Several months later, a document is authorized which ambiguously describes the scope of ORIS simply as tracking information on “officially released documents.” By early 1991 however, the system was online and SQL-based. The Letter of Acceptance specifies that it tracks information released through the Freedom of Information Act and Executive Order 12356. While it’s not clear if ORIS is as inclusive as it was once described, this does clearly distinguish ORIS from the CREST database.
This leaves a significant question: did/does it include information declassified and released by other government agencies or by Congress, such as through the JFK Records Act or the House Select Committee on Assassinations? There certainly seem to be gaps in the system - or at least in how it’s being used. A FOIA request to CIA regarding their former employee Morton Barrows “Tony” Jackson was met with the unbelievable response that the Agency was unable to locate any acknowledged CIA affiliation. This claim was made despite the fact that not only do declassified CIA documents discuss his employment, but the Agency was pointed to copies of these documents in the initial FOIA request.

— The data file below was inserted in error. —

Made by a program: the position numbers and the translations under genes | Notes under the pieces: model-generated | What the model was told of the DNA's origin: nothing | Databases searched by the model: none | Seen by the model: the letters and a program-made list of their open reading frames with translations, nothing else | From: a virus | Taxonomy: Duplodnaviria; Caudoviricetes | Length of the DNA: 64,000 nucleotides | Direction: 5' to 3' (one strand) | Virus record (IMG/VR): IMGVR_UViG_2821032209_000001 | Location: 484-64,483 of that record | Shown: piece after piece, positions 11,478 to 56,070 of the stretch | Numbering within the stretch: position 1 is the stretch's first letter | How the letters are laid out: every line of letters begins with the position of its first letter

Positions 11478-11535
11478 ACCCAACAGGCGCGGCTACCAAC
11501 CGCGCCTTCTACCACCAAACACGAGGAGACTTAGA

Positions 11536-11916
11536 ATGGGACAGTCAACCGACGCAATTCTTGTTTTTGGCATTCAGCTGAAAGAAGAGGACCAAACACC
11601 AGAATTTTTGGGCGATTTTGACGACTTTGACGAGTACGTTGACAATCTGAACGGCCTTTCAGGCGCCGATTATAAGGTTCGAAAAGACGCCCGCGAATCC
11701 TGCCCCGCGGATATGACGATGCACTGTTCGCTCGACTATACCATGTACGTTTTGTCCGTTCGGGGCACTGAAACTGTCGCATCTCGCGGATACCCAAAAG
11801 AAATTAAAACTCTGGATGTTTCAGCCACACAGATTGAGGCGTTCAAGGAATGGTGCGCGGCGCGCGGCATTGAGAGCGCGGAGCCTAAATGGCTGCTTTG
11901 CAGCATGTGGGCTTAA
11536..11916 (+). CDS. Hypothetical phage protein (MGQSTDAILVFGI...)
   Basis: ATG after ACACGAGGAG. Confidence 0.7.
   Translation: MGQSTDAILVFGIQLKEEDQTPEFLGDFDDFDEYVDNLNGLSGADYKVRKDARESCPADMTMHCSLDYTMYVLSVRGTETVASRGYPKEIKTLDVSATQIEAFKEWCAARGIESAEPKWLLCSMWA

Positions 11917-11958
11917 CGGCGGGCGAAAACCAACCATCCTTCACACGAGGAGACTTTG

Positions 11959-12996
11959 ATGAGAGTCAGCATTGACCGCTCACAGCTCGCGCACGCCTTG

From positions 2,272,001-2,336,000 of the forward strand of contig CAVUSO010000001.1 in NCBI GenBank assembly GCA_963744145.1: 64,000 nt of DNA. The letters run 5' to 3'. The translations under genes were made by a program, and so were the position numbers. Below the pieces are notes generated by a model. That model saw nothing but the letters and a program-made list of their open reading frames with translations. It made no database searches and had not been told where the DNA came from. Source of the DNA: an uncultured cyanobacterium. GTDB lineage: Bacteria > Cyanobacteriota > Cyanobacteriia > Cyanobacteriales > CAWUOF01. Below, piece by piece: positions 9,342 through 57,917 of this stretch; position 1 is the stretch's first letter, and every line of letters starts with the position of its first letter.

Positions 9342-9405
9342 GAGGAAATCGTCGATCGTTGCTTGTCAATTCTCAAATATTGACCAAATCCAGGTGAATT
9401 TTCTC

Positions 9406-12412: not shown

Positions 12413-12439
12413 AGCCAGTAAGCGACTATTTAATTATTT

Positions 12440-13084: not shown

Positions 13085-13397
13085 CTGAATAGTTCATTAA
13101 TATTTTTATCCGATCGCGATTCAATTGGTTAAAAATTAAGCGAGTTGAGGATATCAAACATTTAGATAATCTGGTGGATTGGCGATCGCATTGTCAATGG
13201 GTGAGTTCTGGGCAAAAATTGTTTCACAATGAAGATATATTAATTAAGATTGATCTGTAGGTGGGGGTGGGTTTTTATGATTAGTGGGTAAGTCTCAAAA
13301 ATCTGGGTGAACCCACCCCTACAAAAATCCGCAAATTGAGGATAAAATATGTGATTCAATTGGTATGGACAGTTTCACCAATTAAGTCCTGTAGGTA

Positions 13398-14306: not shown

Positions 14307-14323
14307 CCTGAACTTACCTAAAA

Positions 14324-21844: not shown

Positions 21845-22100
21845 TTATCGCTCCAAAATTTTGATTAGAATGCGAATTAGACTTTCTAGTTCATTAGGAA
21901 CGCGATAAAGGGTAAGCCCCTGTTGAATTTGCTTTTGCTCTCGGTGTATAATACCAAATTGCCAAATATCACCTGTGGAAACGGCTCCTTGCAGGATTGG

By the year 2000, OSIR was considered a “legacy” system and its contents had been merged into the next generation system, Management of Officially Released Information (MORI) which had become operational in 1998. By 2006, MORI was considered aging. It now seems that MORI has been replaced (or at least supplemented) by CIA Automated Declassification Review Environment (CADRE).
FOIA requests have been filed for more information on ORIS and for a copy of the information in the system - which CIA has recently agreed to waive fees for. Future requests will be filed for materials on and from MORI and CADRE. In the meantime, read the 1985 memo embedded below.